90 degree PW calibration
One of the most important parameters for obtaining ANY NMR spectrum is the correct pulsewidth for a 90 degree pulse at a given power level. We have learned in the lecture all of the ramifications of this parameter so now we can see how to experimentally determine it. On most modern (and well maintained) spectrometers this parameter does not change significantly provided the sample is not "lossy" and the probe is tuned properly. Assuming these two things to be true we can begin by noting the power level at which we wish to obtain the 90 degree pulse. In the case of the 300 MHz instrument we can use the default power of 57 dB and on the 500 MHz machine 60 dB.
1) Obtain a 1 scan spectrum of the doped Methyl Iodide sample with the automated 1H only procedure, display the spectrum and place the cursor over the central peak of the triplet as shown:
2) On the command line type nl movetof as shown:
On the 300 MHz instrument the tof (transmitter offset) will have been moved to a value of -854 which has the effect of placing the transmitter directly on the central peak of the triplet.
3) Click the Flags & Cond. Tab and deselect the autogain radio button as shown:
This step is neccessary as autogaining is not permitted in an arrayed experiment.
4) Create an array of the parameter pw by typing on the command line array as shown:
You will be prompted to input the parameter to be arrayed. Type pw on the command line and hit return. You will now be prompted to input the number of steps in the array as shown:
Enter 22 for the number of steps and hit return at which point you wil be prompted for the starting value for pw and the increment value as shown:
Enter 2 for each value and hit return. The parameter pw will then become an array of values as shown:
This indicates that 22 separate FID's will be acquired with the first having a pw = 2 microseconds and each subsequent FID will have a pw which is 2 microseconds greater up to a maximum of 44 microseconds. We are now set to begin.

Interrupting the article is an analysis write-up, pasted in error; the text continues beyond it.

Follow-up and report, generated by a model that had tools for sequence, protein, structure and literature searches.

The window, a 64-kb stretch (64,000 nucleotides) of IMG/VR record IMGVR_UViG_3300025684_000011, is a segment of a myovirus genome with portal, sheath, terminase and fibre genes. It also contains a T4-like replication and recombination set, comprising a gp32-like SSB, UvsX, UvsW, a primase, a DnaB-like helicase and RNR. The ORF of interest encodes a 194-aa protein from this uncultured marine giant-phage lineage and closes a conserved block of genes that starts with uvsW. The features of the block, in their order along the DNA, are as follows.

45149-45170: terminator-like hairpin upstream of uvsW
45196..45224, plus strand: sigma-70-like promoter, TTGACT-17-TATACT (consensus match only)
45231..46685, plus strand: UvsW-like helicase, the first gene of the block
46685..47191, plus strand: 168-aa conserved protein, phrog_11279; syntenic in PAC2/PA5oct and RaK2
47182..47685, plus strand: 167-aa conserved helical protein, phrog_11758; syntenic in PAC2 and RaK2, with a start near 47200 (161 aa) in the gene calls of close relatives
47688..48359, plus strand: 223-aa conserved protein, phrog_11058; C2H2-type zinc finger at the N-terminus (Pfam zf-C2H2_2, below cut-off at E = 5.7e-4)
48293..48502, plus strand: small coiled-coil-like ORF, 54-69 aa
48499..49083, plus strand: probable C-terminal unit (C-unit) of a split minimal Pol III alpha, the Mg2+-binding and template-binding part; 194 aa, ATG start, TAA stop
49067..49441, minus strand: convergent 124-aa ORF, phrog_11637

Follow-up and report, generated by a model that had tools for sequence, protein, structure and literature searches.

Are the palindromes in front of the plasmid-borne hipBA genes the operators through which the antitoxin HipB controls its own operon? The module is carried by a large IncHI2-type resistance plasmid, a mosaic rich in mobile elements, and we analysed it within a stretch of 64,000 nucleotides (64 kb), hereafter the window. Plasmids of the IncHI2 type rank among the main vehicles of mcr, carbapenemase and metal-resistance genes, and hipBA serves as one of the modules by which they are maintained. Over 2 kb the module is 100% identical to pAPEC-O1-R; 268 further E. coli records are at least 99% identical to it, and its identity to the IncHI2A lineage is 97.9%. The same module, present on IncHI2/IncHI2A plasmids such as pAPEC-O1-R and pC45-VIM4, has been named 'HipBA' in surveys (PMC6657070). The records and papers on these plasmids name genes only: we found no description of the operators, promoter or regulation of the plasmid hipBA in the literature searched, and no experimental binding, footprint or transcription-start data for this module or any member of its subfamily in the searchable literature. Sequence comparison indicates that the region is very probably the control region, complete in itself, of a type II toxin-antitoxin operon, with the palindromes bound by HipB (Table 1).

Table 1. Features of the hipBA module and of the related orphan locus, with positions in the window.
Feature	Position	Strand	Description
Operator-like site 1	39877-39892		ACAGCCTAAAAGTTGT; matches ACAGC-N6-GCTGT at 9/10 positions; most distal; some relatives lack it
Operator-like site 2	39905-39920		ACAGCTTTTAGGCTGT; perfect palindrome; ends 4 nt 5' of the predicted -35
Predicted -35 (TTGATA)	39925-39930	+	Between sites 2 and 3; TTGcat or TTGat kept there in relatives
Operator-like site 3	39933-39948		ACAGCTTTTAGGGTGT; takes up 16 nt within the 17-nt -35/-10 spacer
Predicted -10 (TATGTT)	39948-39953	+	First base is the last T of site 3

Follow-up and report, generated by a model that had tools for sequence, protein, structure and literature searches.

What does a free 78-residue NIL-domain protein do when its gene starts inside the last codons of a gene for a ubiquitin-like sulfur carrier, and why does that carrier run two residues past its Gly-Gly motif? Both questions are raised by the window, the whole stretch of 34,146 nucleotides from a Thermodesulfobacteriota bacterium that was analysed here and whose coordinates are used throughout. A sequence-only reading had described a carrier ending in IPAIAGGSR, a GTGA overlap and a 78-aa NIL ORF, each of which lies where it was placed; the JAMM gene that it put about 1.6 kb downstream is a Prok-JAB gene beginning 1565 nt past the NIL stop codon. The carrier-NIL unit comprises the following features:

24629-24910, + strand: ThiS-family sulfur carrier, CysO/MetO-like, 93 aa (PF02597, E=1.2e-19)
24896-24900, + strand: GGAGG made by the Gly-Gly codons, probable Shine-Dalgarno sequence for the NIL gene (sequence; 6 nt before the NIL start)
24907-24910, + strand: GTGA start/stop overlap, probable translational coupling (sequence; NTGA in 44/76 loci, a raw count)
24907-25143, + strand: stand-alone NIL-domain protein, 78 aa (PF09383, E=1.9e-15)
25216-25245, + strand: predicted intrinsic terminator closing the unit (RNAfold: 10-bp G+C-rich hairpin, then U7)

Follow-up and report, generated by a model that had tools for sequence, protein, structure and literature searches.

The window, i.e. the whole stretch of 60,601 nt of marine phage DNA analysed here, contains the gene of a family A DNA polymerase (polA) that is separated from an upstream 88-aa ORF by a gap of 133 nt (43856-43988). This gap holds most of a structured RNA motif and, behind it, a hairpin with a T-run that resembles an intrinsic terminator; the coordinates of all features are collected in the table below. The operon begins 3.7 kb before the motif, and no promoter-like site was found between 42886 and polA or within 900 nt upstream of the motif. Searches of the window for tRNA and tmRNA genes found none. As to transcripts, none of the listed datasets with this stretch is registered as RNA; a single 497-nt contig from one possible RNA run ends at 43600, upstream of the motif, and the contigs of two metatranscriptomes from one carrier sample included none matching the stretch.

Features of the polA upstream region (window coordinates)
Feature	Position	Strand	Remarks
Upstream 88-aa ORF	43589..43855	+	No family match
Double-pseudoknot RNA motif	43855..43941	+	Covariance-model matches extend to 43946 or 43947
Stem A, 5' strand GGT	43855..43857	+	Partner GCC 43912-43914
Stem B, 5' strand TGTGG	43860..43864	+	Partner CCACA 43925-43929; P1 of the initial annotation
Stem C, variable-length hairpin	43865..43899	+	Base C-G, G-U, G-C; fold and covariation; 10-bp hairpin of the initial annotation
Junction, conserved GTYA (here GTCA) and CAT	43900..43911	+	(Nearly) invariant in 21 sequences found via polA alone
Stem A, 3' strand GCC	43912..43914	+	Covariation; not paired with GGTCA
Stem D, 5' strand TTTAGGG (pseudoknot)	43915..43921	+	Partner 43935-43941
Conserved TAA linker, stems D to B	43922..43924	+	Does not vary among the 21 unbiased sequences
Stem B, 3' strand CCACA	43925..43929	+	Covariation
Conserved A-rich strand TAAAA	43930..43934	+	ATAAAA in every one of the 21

5) Click the Acq & Obs Tab to review all of the parameters before clicking the green Start button as shown:
Halp! My imagers are broken!
Note that the box associated with the obs pulse is colored pink indicating that the parameter is arrayed. Once the Start button has been pushed the spectrometer will acquire, process and plot the array which should look as follows:
A more informative but less glitzy view is plotted and looks as follows:
From this display we can readily see the effect of increasing the pulsewidth as the peak goes first through a maximum (the 90 degree condition) to zero (the 180 degree condition) to inverted (the 270 degree condition) and back through zero (the 360degree condition). It is best to determine the 90 degree condition not as the first maximum but rather as 1/2 of the first null or 1/4 of the second null. A simple pulsewidth array contains a wealth of information about the probe and the relaxation behavior of the sample. Can you think of anything which could cause a 90 degree calibration to be erroneous? Is it better to measure a 90 degree pulse as 1/2 the 180 or as 1/4 of the 360?
6) Repeat the process (if time permits) by arraying pw around the 360 degree condition. Construct the array similar to the one shown below:
At which point does the signal go through the null? Is 1/4 of that value similar to 1/2 of the 180 value from the first array? Compare your value against the system value which is given by the number in the pi/2 pulse box on the Acq & Obs Tab.
7) If time permits you can calibrate the 90 degree condition for a different transmitter power level.
CAUTION anytime you are working with power levels be certain they are within acceptable ranges for the experiment in question.
Change the value in the power box on the Acq & Obs Tab from 57 to 55, effectively lowering the transmitter output by 2 dB. From the lecture on linear amplifier calculations can you tell what the new 90 degree pulse should be? Will it be shorter or longer? Try and determine the value.